• Your name, address, phone, and email in upper left corner of the first page of your manuscript, followed by any memberships/affiliations.
  • The word count on the first page

There are many more details about formatting on Shunn’s website. Learn it, know it, love it. Also, you’ll notice I suggest formatting a manuscript as an early step, not later on (i.e. right before submitting.) This is because I find if you have to stop and format a manuscript, you’ll get distracted and forget to submit. The key here is to make formatting part of your habit. The story is done, the final polish is to format.

Some publications will have different formatting rules, such as asking for anonymized submissions. For this, just remove your name and contact info but keep all other formatting the same. Always check the guidelines to see how the magazine wants your manuscript formatted.

The average number of stories rejected because of improper formatting is around 6%, and 10% for not following the guidelines. It would be a shame to join that number with a story you worked hard on.

3. Research Publications

If we knew what it was we were doing, it would not be called research, would it?
— Albert Einstein

Okay. You’ve written this gorgeous, mind-blowing story, and now you’re ready to send it out.

But where?

Choosing where to send your story is a subtle art. Here are a few things to think about:

  • Does my story fit a certain audience? (Children, teens, LGBTQIA+)
  • Does my story fit certain themes? (Many anthologies are themed, and magazines often host “theme” issues. These can range from the simple, “Dragons” to the more ephemeral, “Bodies and Borders.” Make a short list of possible themes in your story. This is also a great revision technique to help you understand your work better.)
  • What are my dream publications? (Submit to those first.)
  • Who publishes work I like to read?

Other factors include word count (some markets don’t take stories under 1,000 words or over 5,000 words, for example) and pay (I suggest submitting to paying markets first).

Great resources abound for researching publications and calls for submissions. Check out SFWA’s membership guidelines for a list of pro-paying markets. The Submission Grinder lets you search its database of publications for free, with lots of great options like searching by name/pay/word count (They also have a stellar e-mail newsletter). Ralan is another great site that lists pro/semi-pro/anthology markets. Check out the Hugo Awards and Nebula Awards and look at where recent winning stories were published. These are just a few of the resources out there, I recommend trying them out and finding which ones you like.

Evaluating a Magazine’s Quality & Fit

I want to say that my caveat is quality is highly subjective. What you enjoy in a magazine may be different than the next person. But here are a few basic things to look for:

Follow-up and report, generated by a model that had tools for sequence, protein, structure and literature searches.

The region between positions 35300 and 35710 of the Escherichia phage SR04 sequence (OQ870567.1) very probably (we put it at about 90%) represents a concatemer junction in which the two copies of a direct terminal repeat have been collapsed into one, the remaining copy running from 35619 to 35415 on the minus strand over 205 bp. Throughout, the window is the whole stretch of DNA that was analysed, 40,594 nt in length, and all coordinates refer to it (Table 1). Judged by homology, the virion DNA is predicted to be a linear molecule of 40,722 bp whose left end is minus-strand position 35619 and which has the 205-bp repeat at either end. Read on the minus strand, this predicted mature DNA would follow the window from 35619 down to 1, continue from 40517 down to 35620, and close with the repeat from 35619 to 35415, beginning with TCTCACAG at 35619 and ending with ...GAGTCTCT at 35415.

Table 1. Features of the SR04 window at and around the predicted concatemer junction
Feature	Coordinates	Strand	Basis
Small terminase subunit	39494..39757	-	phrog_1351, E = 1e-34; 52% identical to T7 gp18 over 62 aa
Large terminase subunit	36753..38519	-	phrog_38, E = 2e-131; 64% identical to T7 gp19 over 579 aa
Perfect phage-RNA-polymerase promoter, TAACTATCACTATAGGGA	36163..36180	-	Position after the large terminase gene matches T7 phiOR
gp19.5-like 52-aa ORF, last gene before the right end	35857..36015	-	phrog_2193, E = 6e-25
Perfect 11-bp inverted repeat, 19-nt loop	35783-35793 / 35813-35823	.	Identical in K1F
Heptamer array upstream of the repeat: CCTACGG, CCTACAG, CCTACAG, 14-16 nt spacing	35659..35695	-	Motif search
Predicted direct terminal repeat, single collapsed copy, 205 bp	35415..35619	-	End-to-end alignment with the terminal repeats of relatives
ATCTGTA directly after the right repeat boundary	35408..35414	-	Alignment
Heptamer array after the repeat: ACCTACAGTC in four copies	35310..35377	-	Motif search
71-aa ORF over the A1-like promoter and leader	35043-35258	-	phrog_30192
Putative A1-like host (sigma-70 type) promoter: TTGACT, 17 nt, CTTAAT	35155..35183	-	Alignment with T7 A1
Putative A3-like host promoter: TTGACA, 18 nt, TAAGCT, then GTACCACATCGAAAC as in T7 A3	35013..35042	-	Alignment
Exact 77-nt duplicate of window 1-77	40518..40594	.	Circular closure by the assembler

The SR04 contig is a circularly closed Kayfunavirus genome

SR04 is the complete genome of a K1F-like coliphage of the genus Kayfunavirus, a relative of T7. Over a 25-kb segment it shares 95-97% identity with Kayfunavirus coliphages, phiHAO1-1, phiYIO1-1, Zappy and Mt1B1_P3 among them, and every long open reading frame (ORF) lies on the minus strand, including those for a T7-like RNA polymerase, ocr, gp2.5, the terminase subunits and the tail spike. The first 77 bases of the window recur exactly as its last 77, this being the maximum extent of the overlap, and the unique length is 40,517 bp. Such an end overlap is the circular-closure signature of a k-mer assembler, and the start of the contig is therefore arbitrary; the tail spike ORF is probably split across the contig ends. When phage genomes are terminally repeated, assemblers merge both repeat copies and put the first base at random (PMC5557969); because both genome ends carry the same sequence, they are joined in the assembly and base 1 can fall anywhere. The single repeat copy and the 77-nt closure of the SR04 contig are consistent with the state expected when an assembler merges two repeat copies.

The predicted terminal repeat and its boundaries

• Check the publication’s website. Has it been updated recently? Are the guidelines clear about payment and response time? Do you recognize any of the names they’ve published? How’s the visual aesthetic? (I usually steer clear of magazines that look like their website was last updated in the 90s, with the exception of a few major mags that seem to have stuck with that vibe for continuity.)
  • Read a few stories. Each publication has its own vibe. If YOU don’t like the work they publish, it’s unlikely they’ll like your work in return.
  • It’s useful to get on Twitter/Facebook and look at a publication’s feed: Are they posting regularly? Do they engage with readers and authors? Follow the editors of the publication if you want, but do so politely. (Don’t contact editors randomly and ask what they’re looking for!)
  • Look at your favorite author’s publication credits. Who do you like to read? Where are they getting published? It may feel daunting to think of putting your own work on that level, but your story deserves it.
  • Does the journal have a hard sell list? This is a list of content/subject matter that the journal won’t necessarily reject but will rarely accept. (For a great example of this, see Clarkesworld’s submissions.)

Tiering Submissions

It’s useful to create a list of your “top tier” publications. These may be magazines that pay extremely well, like Terraform, which pays a whopping $.20/word, or magazines that regularly perform well in awards like Uncanny Magazine. These are your “send to first” publications. Then, you can make a second or even third tier of places to send after you’ve hit your top contenders. Tiering helps make your life easier — you send one story out and when it gets back to you, send it to the next place on your list that’s open.

Here is my list of top-tier publications:

This is just my own personal list. It changes based on which magazines are open for submissions and as new markets appear.

4. Create a Cover Letter — And Don’t Overdo It

Do not give them a reason to doubt your ability before they’ve even seen your story. Let the work speak for itself.
Christie Yant